Xerox hopes to print computing smarts on fabric, plastic
Company says its new silver-based ink can be used to print electronic circuitry on everything from flexible e-book screens to pill bottles.
And you thought computer chips were pervasive now.
In conjunction with a conference in Europe this week, Xerox has announced a new ink technology for printing electronic circuitry on everything from clothes to roll-up computer displays.
Xerox's process uses ink containing silver metal that can be used to wire up processing circuitry. It works on surfaces such as plastic that earlier have shown an inconvenient tendency to melt under the high temperature of liquid silver; Xerox's process works with an ink compound with a much lower temperature, the company said.
"We've found the silver bullet that could make things like electronic clothing and inexpensive games a reality today. This breakthrough means the industry now has the capability to print electronics on a wider range of materials and at a lower cost," said Paul Smith, laboratory manager, Xerox Research Centre of Canada, in a statement. Smith is discussing the technology at the Printed Electronics Europe conference in Dresden, Germany.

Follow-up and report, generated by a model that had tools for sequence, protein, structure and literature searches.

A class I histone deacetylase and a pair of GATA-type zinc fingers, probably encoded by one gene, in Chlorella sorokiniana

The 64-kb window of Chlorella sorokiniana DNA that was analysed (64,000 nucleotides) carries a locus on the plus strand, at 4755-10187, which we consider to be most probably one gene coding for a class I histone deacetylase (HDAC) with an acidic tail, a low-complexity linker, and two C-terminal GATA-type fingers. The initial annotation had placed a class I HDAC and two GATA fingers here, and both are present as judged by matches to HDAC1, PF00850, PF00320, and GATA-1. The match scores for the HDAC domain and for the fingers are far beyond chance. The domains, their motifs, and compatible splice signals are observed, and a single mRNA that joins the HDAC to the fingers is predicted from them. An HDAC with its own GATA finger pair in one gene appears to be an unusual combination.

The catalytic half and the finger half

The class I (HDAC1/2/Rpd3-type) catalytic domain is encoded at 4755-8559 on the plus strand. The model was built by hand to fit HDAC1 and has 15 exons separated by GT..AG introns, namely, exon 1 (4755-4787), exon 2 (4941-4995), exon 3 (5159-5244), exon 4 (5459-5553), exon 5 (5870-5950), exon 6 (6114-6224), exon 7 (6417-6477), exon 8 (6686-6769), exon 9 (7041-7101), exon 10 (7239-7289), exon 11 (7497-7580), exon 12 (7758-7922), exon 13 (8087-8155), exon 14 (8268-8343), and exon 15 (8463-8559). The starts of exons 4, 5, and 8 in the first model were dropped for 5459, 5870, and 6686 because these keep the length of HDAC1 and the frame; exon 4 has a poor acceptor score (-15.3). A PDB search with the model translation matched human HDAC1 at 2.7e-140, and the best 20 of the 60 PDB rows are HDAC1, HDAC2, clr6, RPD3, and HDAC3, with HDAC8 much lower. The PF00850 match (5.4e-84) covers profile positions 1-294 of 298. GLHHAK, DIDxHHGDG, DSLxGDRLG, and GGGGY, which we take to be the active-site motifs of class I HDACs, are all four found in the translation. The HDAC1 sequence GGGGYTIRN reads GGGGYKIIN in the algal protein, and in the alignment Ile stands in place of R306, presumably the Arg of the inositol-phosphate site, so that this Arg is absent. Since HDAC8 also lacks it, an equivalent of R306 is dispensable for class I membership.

So what might use it? Inexpensive e-book readers with flexible plastic displays, for one. Radio-frequency ID (RFID) tags, for another. Or smart pill dispensers that can help keep you taking your medicine at the appropriate pace.
The technology uses conventional inkjet printing methods, and though Xerox has used it with conventional desktop printers, the company expects that it would use continuous-feed printers that print on rolls rather than sheets of material. It doesn't require the super-clean environments needed for conventional silicon chip manufacturing.
The Xerox process actually requires printing three layers on a substrate: a semiconductor, a conductor and a dielectric. The silver ink is the layer that conducts electricity.
The silver ink technology now is available for testing by outside parties, and manufacturing the materials at production volumes isn't far off.